Monday, June 25, 2018

Ciao Italia

Recent visits to my blog have included many from Italy.  Grazie!

My visits to Italy, where I saw brick ovens in almost every village, contributed to my enthusiasm and knowledge of the construction and design of brick ovens.

The foods I enjoyed in Italy, whether made in brick ovens or other ways, also inspired me to build my ovens so that cooks, bakers, and chefs got the most out of the ovens, both performance and longevity.

For a few days in late July, I will be at a premier brick oven baking event, The Kneading Conference, speaking and demonstrating with my portable brick oven (seen above being used by Kerry Altiero of Cafe Miranda).

I post this with the hope that some of the visitors to my blog might send photos of ovens they know, have seen, or are using.  The talk I'll give at the conference is: The Evolution Of Wood-Fired Ovens.
Your contributions would be appreciated and recognized.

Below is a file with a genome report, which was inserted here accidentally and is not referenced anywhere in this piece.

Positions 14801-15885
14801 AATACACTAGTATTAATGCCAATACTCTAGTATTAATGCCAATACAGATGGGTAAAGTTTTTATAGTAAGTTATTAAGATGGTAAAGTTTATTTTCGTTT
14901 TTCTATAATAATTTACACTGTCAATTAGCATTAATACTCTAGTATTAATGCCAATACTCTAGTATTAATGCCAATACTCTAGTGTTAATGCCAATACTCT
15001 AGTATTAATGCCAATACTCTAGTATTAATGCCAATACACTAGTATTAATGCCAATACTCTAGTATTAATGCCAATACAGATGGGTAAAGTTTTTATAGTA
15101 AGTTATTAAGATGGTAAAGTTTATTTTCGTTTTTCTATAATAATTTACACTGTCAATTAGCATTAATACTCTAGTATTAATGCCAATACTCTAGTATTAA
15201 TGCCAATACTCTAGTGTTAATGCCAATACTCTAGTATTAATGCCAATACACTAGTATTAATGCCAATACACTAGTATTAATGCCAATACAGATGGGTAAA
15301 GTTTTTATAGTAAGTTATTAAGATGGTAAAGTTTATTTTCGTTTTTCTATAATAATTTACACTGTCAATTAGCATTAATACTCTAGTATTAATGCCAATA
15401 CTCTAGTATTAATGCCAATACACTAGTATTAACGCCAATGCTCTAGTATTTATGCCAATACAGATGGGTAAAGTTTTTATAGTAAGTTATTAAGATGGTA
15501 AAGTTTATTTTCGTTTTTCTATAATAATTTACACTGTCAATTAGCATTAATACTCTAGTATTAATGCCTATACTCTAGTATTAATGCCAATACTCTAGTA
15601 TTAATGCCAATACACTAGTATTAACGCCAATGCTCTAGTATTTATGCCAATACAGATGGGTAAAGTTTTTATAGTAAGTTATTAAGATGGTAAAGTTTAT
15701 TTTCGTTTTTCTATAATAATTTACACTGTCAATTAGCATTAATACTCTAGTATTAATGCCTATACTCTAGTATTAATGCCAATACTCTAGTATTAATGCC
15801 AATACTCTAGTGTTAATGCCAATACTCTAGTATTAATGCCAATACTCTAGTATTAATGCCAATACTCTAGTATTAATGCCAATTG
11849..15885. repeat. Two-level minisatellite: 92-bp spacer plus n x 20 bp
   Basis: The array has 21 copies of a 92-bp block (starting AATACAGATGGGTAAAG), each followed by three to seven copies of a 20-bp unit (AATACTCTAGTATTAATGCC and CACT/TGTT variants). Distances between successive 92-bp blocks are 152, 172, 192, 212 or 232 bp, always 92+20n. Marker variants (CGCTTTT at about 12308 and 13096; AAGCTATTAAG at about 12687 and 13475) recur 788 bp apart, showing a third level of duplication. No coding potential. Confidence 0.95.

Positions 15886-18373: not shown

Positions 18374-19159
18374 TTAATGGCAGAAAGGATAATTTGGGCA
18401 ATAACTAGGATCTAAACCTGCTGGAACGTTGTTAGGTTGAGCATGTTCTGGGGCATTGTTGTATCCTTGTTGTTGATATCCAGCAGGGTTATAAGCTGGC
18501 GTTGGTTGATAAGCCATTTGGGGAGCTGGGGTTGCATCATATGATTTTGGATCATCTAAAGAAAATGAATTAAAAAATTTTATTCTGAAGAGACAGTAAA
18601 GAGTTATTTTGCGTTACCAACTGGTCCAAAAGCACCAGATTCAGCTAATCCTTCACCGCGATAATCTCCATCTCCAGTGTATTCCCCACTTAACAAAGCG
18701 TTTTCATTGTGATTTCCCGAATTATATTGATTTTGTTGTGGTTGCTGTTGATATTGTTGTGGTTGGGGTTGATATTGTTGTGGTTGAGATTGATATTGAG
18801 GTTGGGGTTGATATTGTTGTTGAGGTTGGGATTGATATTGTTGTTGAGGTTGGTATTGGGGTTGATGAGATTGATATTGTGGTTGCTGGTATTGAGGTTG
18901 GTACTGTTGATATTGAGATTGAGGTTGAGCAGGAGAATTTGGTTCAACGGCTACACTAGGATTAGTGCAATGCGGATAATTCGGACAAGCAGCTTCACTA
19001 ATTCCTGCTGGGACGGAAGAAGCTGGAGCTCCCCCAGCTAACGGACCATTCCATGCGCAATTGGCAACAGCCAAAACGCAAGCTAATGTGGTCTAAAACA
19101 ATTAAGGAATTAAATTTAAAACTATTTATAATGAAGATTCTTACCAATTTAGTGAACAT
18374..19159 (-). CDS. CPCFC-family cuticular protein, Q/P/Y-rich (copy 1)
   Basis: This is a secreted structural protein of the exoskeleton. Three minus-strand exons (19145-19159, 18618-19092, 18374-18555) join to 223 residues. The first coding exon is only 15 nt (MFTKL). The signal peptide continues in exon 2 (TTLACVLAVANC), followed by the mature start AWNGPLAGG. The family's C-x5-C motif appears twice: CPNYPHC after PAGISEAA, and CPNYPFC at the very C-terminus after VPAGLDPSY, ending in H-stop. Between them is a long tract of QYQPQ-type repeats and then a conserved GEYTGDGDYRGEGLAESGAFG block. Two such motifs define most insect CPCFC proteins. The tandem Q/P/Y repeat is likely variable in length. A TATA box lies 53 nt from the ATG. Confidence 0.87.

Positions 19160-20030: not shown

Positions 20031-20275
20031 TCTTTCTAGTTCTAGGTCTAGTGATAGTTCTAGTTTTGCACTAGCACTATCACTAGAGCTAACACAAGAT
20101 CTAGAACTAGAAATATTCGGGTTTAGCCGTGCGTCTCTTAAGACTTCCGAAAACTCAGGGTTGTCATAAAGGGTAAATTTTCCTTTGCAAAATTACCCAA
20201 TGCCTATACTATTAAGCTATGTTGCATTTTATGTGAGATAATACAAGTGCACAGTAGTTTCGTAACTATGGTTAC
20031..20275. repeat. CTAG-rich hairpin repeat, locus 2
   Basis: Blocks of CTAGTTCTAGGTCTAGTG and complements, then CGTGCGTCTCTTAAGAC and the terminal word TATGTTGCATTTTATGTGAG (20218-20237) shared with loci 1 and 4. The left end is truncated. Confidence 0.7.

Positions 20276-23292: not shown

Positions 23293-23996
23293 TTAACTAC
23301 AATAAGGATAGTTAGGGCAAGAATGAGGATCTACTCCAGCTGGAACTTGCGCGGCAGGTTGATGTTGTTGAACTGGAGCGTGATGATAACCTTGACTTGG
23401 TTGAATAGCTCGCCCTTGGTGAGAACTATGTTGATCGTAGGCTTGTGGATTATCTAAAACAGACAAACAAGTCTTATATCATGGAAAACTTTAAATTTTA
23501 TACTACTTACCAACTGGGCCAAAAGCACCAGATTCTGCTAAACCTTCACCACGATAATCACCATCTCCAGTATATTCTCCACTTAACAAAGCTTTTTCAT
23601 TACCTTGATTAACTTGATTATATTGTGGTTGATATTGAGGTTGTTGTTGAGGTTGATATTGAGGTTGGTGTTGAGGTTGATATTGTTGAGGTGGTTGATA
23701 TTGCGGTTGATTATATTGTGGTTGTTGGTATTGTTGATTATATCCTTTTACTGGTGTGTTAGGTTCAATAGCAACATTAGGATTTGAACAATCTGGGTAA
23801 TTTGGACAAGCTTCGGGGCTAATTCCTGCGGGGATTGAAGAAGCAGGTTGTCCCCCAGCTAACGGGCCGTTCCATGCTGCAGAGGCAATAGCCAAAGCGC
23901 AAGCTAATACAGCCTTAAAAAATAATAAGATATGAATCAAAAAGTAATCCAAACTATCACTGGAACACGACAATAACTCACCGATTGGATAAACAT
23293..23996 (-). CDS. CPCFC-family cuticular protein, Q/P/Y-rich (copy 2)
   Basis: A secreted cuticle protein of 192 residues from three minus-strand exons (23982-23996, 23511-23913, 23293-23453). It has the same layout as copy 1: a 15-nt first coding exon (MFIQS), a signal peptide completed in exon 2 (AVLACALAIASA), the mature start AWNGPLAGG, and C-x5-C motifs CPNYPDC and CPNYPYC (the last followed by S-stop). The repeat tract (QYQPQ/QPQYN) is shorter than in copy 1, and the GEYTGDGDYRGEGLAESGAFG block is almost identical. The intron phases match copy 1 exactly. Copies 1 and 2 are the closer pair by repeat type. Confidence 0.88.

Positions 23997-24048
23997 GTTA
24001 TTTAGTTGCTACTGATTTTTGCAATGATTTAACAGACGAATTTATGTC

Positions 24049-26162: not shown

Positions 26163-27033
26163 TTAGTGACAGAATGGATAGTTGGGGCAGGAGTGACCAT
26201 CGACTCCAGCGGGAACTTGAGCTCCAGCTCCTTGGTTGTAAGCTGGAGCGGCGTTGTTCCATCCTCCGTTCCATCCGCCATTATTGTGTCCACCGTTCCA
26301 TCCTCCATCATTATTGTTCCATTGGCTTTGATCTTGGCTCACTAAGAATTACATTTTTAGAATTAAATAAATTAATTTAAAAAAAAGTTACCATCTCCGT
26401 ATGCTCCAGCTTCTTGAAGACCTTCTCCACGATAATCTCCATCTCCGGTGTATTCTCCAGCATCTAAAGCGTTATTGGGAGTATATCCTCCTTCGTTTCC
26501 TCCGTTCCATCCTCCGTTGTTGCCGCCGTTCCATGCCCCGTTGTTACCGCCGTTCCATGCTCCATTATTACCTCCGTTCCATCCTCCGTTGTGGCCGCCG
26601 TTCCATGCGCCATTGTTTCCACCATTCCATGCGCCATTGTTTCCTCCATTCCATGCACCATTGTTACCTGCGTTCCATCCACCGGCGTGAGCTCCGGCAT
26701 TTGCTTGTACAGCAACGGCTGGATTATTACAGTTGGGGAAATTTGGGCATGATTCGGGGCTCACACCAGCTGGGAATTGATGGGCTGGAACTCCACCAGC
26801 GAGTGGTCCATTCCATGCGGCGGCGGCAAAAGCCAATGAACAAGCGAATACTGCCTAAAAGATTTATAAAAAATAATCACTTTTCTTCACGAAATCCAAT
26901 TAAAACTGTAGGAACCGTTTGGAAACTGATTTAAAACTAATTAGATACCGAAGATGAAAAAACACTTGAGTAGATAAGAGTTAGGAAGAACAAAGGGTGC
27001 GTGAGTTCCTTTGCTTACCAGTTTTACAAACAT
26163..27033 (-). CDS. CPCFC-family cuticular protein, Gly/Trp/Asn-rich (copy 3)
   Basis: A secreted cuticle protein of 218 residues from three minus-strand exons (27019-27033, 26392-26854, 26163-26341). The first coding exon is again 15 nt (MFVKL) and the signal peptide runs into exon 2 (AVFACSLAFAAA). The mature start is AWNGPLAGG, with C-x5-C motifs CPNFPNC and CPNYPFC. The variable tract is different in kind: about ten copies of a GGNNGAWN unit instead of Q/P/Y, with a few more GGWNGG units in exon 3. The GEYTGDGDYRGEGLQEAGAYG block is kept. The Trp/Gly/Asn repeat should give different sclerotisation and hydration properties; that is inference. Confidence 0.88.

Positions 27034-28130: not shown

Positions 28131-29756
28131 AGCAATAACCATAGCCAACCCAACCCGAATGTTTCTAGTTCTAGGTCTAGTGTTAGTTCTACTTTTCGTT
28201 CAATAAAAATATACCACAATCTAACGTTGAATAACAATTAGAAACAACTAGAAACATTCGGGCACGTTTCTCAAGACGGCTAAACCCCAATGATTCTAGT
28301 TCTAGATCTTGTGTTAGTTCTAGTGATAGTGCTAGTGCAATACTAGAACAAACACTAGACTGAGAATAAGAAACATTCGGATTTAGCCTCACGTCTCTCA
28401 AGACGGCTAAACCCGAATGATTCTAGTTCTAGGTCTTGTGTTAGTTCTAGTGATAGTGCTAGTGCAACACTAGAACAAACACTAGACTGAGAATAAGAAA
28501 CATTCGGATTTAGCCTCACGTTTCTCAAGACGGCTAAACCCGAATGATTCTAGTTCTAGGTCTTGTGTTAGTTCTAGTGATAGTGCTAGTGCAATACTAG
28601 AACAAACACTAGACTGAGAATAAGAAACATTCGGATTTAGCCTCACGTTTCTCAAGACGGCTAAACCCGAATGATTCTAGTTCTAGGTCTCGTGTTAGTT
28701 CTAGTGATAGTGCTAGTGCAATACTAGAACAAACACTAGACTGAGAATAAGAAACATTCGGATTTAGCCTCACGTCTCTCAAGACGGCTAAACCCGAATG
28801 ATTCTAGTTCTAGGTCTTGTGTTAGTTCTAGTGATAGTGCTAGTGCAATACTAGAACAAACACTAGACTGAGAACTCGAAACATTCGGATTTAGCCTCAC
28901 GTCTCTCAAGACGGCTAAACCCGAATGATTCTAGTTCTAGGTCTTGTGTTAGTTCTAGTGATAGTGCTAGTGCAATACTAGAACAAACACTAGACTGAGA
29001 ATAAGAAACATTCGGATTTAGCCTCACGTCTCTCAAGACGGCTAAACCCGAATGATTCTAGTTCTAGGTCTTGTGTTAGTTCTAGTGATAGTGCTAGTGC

True Brick Ovens

Wednesday, June 6, 2018

Brick Oven Improvements

Improvements to the brick ovens I build often are the result of a new or different location challenge.

Wood set for the test firing
This most recent build required that I build the oven core outside before opening the wall between the  oven mouth and the room in which the bakers would work.

The result, which I may carry forward in future projects, was a three arch design.  It also resulted in a keystone design that is new to me (few masonry designs are new to history).

Inspecting the interior PRIOR to lighting

Perfect draft as evidenced by blackened area around flue

Oven dome at full temp.  Wood box stuccoed.  Double doors.
Note air channels at sides of mouth.
Carpenters will finish drywall around oven.

Exterior enclosure

Friday, June 1, 2018

The Art of Brick Ovens

There are plenty of technical aspects to building a brick oven.  I've covered many of them in the over three hundred posts prior to this.
Then there is the ART.

Because each oven I build is intended for a different and unique person or situation, it makes sense to finish the oven in a different and unique way.  Note: this doesn't require weird designs.  The variation on the traditional face arch and keystone as well as the exterior treatment is sufficient.  Sometimes, one element is sufficient to make it personal to the owner.

Thus follows some examples.